The Democratic Nevada caucuses are coming up in just two days, and Hillary Clinton, strategizing how to reach the state’s sizable Democratic Latino vote—presently split between Clinton and Sanders—has released a new ad there entitled “Brave.”
It depicts Clinton on a Latino-targeted campaign stop on Valentine’s Day, during which a young girl told Clinton that she’s worried her parents will be deported as she burst into tears. In the clip, Clinton beckons her to her lap and tells her in a comforting voice, “I’m going to do everything I can so you don’t have to be scared. And you don’t have to worry about what happens to your mom or your dad or somebody else in your family. I feel really, really strongly, but you’re being very brave. And you have to be brave for them too, because they want you to be happy, they want you to be successful, they don’t want you to worry too much. Let me do the worrying... I’ll do everything I can to help, okay?”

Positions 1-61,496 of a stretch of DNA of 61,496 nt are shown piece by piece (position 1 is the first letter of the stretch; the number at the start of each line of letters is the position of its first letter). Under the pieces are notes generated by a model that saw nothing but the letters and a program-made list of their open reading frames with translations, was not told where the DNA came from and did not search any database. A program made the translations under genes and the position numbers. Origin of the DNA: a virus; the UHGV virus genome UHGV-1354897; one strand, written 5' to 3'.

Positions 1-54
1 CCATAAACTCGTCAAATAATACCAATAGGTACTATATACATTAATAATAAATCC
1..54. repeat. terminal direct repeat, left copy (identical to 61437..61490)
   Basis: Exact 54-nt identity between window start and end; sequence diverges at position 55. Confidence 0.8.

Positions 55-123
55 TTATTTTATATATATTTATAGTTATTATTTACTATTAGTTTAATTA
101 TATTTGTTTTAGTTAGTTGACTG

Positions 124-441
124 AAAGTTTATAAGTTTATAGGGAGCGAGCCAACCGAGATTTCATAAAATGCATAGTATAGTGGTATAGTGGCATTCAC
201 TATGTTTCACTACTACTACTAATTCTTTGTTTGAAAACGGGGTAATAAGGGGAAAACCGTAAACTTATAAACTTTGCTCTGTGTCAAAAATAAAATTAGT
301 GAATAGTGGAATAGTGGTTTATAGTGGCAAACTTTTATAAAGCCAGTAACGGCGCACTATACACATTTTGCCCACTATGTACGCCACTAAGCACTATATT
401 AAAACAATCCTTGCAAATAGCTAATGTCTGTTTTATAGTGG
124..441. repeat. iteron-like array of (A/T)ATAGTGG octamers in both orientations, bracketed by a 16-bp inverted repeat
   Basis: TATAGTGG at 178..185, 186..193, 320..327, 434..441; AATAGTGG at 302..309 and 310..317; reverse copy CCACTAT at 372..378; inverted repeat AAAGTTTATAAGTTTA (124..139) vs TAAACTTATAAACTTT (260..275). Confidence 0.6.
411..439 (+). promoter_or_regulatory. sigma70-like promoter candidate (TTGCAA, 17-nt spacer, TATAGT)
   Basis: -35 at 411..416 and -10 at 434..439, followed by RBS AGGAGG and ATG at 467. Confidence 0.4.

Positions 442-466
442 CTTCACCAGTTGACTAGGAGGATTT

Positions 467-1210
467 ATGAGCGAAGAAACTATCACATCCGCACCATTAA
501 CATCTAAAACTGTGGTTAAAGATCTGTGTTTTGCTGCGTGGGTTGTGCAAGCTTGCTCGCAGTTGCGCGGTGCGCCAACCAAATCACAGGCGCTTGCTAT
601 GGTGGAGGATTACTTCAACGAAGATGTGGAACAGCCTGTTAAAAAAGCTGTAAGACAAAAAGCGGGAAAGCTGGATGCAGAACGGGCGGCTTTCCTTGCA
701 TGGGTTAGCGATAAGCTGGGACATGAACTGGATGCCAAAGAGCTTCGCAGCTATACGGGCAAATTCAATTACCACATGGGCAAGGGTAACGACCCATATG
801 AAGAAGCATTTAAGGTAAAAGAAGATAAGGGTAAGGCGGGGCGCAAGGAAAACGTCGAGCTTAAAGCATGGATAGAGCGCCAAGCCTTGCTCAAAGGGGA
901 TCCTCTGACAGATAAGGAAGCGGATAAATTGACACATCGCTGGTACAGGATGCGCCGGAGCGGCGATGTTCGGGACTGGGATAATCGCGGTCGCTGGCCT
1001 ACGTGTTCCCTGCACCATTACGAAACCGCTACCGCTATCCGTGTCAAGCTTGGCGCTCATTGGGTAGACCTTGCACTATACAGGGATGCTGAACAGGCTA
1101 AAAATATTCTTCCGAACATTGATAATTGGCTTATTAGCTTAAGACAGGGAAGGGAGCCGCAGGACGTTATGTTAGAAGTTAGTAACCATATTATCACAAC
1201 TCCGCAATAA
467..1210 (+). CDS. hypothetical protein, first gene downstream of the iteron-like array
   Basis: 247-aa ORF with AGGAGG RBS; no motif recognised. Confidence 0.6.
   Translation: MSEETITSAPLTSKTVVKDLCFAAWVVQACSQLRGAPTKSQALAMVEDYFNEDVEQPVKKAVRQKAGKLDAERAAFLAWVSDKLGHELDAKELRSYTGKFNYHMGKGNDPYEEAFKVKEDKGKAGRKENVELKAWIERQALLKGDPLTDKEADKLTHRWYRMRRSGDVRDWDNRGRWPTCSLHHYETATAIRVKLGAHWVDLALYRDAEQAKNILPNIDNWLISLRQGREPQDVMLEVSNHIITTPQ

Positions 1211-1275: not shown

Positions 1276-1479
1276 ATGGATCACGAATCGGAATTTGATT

While it’s deeply affecting—one of the women in the audience is crying, and you might, too—it also seems like, in appealing to our emotions, the most important person in this scenario may have gotten lost: that little girl. She looks to be about seven years of age at most, so it’s feasible that she may not be able to understand the nuances between Hillary Clinton making a general promise about her immigration policy if she is elected, and Hillary Clinton personally promising her that her parents—who, as she says, have a deportation letter—will not be deported. (As the New York Times put it: “The ad makes no real verifiable claims,” but Clinton supports a path to citizenship, DREAM, and ending detention centers.)
Clinton’s Latino outreach director, Lorella Praeli, is well acquainted with the reality behind it: the daughter of undocumented Peruvian immigrants who brought her to the US at age ten, she is a DREAM Act advocate and former policy director for United We DREAM. So while it’s effective to appeal to the emotions of Latinxs in Nevada—whose Latino population ranks 14th in the US, with 738,000 in the 2014 census—it also leaves an important narrative unanswered. Who is that girl? What will happen to her? What will happen to her parents?
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